Absolutely

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Hi. Maybe I can help clarify some of the info from those article GotGarlic posted. (Both of the serious eats articles have some good information, but perhaps draw some misguided opinions from them. A little knowledge not well understood can lead down the wrong path)

Question 1. Browning in cast iron and stainless.

Steel is a moderate heat conductor, whether stainless or cast iron. Both similar, not amazing, but gets the job done. The biggest difference is their heat capacity. Cast iron pans are a lot of mass and as such can absorb a lot of energy. Stainless are thin and can not hold much energy. This means you need heat up a cast iron pan for several minutes before the whole pan is evenly hot, whether as a thin stainless pan is evenly hot quickly, seconds. At this point the pans may be at the same temperature, but the cast iron is holding a lot more energy... a LOT more, those several extra minutes more of heat getting absorbed. Think of it like a stock pot of boiling water versus a shot glass of boiling water, both are boiling, but there is just so much more hot water in the stock pot.

If you put a steak on both of these pans, the cast iron just has so much more heat energy stored that it can transfer to the steak than the thin stainless pan. The cast iron will "sear" the steak by adding a lot of heat very quickly. The stainless does this too, by with a lot less stored heat and thus a minimal, if even noticable "sear". However, when both pans have given all their stored heat to the steak, the are still getting new heat from the burner.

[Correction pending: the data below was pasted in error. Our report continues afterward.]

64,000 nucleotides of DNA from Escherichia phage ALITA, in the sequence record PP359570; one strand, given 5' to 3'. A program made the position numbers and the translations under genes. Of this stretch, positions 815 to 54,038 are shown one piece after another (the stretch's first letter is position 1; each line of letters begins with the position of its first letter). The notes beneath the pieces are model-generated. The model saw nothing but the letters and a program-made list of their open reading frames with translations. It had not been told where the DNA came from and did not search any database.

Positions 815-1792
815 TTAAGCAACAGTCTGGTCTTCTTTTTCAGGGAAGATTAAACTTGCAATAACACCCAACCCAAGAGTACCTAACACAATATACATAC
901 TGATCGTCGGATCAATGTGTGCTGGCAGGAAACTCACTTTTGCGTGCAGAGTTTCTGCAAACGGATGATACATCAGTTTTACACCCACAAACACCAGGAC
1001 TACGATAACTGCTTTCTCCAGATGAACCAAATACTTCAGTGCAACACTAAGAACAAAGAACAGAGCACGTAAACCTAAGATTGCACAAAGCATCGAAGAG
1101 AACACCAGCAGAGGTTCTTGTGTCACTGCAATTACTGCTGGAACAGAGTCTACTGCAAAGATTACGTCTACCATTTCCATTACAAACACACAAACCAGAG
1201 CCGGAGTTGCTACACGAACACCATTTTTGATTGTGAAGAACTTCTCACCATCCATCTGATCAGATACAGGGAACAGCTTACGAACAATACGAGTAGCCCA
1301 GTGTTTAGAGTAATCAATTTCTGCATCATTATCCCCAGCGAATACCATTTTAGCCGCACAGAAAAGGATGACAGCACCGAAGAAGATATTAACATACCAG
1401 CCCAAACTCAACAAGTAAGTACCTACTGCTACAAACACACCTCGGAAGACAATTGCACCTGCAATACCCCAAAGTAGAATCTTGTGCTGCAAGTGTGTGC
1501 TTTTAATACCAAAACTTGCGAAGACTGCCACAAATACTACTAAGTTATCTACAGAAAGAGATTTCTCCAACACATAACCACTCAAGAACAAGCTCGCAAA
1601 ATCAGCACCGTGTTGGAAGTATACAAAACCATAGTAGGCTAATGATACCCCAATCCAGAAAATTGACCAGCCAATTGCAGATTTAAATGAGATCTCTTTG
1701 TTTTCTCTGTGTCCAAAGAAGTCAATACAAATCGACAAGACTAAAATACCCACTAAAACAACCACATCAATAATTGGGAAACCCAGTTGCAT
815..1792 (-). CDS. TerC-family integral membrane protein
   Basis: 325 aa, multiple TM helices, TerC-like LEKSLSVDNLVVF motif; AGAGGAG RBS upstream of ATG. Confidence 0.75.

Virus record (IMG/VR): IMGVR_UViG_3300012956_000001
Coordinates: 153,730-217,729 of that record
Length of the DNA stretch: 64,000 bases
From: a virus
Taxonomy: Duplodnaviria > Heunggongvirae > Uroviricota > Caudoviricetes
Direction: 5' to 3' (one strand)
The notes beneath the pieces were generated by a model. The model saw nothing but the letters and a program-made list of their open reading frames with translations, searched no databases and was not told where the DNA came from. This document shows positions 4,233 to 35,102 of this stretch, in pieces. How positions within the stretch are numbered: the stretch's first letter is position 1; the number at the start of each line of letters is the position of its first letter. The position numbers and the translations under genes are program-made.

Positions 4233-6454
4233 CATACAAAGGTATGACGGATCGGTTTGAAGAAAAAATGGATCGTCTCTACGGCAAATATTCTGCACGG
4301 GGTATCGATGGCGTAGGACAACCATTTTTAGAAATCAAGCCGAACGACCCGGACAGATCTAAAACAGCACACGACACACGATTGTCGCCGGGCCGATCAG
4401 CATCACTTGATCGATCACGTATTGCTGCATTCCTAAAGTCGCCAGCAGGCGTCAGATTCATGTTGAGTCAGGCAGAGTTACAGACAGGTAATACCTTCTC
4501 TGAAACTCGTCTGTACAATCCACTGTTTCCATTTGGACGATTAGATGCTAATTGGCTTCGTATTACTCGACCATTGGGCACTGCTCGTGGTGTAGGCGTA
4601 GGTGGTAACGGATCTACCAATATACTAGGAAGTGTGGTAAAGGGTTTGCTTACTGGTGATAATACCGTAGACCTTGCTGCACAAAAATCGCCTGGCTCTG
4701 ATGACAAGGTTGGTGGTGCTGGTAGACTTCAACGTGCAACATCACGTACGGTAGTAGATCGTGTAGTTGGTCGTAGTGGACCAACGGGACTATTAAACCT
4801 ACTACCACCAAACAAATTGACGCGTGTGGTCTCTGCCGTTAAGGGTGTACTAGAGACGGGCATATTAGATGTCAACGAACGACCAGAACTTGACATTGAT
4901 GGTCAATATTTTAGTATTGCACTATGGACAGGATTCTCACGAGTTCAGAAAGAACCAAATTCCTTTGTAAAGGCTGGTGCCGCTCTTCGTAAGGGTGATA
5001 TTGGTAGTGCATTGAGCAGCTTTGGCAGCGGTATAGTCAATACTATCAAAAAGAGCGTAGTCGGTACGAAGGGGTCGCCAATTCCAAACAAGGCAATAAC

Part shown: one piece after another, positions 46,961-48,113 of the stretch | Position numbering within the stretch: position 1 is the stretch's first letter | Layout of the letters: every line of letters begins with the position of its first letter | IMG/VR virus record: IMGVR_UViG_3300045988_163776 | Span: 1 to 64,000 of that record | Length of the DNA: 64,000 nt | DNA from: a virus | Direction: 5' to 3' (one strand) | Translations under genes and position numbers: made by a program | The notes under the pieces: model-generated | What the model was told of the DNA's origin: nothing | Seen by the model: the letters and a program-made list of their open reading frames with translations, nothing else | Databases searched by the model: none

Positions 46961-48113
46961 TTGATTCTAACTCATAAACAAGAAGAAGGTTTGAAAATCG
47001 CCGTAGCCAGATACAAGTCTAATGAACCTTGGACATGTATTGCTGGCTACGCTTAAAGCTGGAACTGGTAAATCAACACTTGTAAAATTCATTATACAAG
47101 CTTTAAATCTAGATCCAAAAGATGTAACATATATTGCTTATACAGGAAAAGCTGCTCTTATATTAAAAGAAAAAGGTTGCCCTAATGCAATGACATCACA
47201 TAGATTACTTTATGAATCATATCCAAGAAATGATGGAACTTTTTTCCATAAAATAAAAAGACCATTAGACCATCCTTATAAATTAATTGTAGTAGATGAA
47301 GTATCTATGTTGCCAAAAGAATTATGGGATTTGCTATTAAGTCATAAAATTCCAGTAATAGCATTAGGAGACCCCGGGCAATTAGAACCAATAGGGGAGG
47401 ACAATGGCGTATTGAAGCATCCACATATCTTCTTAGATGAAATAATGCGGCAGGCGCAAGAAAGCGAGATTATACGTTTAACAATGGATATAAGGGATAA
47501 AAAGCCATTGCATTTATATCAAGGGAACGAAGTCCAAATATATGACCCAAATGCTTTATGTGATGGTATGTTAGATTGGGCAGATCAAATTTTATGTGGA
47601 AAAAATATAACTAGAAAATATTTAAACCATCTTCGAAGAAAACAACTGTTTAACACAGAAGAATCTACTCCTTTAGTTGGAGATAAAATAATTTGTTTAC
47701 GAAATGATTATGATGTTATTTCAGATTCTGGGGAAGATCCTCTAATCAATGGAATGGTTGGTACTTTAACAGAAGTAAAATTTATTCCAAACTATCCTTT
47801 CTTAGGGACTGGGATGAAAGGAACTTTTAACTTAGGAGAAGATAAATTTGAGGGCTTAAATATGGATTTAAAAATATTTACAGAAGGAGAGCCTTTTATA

This new heat is also transferred to the steak, although slower as the heat conduction of both stainless and cast iron is only moderate. Over time the pans will both transfer heat into the steaks. Assuming the burner is hot enough, both steaks will undergo the high heat chemical reaction that causes browning.

So in conclusion, both pans will brown the steaks. Stainless a bit slower to start, but still works. Cast iron very fast at the start, causes noticable searing.

(Should be noted that more expensive stainless steel pans are often made of a sandwich layer of stainless steel on the top and bottom with a middle layer of aluminium or copper. This helps with even heating and improving the only moderate heat transfer of stainless steel with the significantly better performance of copper or aluminium)


Question 2. Cleaning a cast iron pan (?)

Cast iron pans are usually low cost, you can get them old and used often cheap. If they are rusted and the season is very damaged, you can give them a good INITIAL clean. Use whatever NOT corrosive cleaner or scrubber you want. You will have to reseason the pan though. The unsaturated oil /fat season procedure in the article works fine. (Though I would repeat it several more times personally.) If the season is not badly damaged, I would not soak the pan. Use some dish soap, a cloth and warm water to wash the rust off and then reseason the pan a few times to repair the season.